For reasons both personal and not-so-personal, my voyage to yesterday’s first fMC (Facebook Marketing Conference) at the American Museum of Natural History was both a trip into the wayback machine and a look at the future.
Additionally, I had trouble figuring out which one was really the whale: the behemoth that is now Facebook or the huge whale model that has long loomed over the Museum’s Hall of Ocean Life.
No wonder I had trouble sleeping. Time dislocation and looming whales will do that to a girl.
So, let’s take a look at how and why a conference about the future of social marketing on the world’s hottest online property could qualify as a trip into the wayback machine:
It’s 2002, and, within about a week of one another, MSN and AOL hold major events in New York. AOL launches AOL 8 at a massive event at Lincoln Center’s Avery Fisher Hall. The Webcast features not only the requisite AOL and Time Warner execs -- those were the days! -- but is hosted by Dana Carvey, with musical guest Alanis Morissette. For some reason, the thing I remember most is that some of the real members – who had preferred seating along with their real children – literally ran from the venue once Morissette started to play, very, very loudly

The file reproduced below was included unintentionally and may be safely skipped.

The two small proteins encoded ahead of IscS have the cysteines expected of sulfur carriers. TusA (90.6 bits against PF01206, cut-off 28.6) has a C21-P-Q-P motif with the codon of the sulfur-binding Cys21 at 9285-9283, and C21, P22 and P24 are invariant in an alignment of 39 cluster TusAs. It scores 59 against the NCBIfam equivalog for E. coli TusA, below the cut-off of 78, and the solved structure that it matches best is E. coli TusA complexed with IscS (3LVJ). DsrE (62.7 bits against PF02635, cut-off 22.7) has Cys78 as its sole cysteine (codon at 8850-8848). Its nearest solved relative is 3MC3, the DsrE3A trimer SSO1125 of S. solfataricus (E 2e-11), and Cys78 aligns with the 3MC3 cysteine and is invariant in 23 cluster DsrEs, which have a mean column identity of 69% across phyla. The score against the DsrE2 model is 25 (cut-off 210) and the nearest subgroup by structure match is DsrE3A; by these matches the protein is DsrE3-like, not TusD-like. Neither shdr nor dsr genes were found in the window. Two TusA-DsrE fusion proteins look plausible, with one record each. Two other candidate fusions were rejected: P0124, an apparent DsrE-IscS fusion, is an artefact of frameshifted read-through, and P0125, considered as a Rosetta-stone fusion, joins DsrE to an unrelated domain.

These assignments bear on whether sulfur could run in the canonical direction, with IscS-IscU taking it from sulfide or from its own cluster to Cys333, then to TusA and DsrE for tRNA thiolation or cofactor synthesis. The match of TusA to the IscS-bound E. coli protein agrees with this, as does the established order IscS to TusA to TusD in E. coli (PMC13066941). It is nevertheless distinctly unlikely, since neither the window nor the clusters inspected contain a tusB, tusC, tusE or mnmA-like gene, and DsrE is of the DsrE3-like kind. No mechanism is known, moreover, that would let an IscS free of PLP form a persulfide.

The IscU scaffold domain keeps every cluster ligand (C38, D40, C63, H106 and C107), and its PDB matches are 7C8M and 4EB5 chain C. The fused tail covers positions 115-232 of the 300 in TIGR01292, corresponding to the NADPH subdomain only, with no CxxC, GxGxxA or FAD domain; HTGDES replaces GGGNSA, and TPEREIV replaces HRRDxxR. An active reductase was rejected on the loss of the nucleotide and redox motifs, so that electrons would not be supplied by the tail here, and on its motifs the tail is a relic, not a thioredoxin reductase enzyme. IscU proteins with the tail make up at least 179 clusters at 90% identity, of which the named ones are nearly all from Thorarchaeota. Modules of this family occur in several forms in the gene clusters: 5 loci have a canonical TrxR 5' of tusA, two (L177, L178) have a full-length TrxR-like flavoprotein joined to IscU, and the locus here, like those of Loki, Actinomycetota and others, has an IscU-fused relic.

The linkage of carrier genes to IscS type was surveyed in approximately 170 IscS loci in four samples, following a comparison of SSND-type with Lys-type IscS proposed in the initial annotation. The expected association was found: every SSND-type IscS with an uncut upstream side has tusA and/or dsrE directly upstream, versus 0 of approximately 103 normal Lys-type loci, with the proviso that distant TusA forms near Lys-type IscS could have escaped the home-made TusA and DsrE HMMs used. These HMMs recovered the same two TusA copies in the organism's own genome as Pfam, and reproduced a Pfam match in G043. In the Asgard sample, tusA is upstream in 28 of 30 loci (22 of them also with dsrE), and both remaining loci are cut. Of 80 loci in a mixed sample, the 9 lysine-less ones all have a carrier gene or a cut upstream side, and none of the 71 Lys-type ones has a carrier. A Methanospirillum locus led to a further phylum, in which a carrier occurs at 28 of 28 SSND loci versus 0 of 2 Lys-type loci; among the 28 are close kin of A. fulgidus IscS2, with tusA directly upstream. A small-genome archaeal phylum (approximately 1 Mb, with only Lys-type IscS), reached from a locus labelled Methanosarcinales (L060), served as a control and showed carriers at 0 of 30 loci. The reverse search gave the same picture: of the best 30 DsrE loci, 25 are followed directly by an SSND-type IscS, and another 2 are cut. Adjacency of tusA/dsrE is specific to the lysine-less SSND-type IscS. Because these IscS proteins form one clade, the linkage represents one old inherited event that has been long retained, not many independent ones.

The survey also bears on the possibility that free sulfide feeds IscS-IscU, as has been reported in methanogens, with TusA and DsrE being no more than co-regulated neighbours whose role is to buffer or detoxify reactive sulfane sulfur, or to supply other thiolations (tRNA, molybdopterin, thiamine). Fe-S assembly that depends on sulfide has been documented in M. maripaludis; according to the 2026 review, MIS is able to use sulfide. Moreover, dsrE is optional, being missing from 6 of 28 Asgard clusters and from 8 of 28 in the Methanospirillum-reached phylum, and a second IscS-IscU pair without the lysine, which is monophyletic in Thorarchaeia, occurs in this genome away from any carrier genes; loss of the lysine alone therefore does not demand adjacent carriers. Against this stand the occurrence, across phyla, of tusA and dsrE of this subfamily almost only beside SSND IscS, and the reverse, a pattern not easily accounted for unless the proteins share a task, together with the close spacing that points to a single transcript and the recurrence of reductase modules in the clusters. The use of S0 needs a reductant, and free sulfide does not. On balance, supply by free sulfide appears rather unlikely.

Then MSN, at the dawn of its still ongoing butterfly phase, holds a launch event to unveil MSN 8 the very next week in a huge dome planted on top of Wollman Rink in Central Park, featuring Bill Gates, Disney chief Michael Eisner, and musical guest Lenny Kravitz. (You may recall that Kravitz’ hit “Fly Away” was a cornerstone of MSN’s advertising at the time.)
So, there I was yesterday at another storied New York location, as Facebook held its biggest event ever for the marketing community. The dramatis personae this time? Among others, COO Sheryl Sandberg (Mark Zuckerberg only appeared on tape), American Express chairman/CEO Ken Chenault, Walmart CMO Stephen Quinn and musical guest Alicia Keys.
More to the advertising point, one of the key ad program components unveiled at the event was something called the “Reach Generator,” which guarantees that 75% of a brand page’s fans will be reached within a given month with content from the Page (Facebook’s capitalization), which is now being described as “Mission Control” for brand efforts. Advertisers who pay up will no longer have to worry about the truism that even most fans of a brand never visit the page.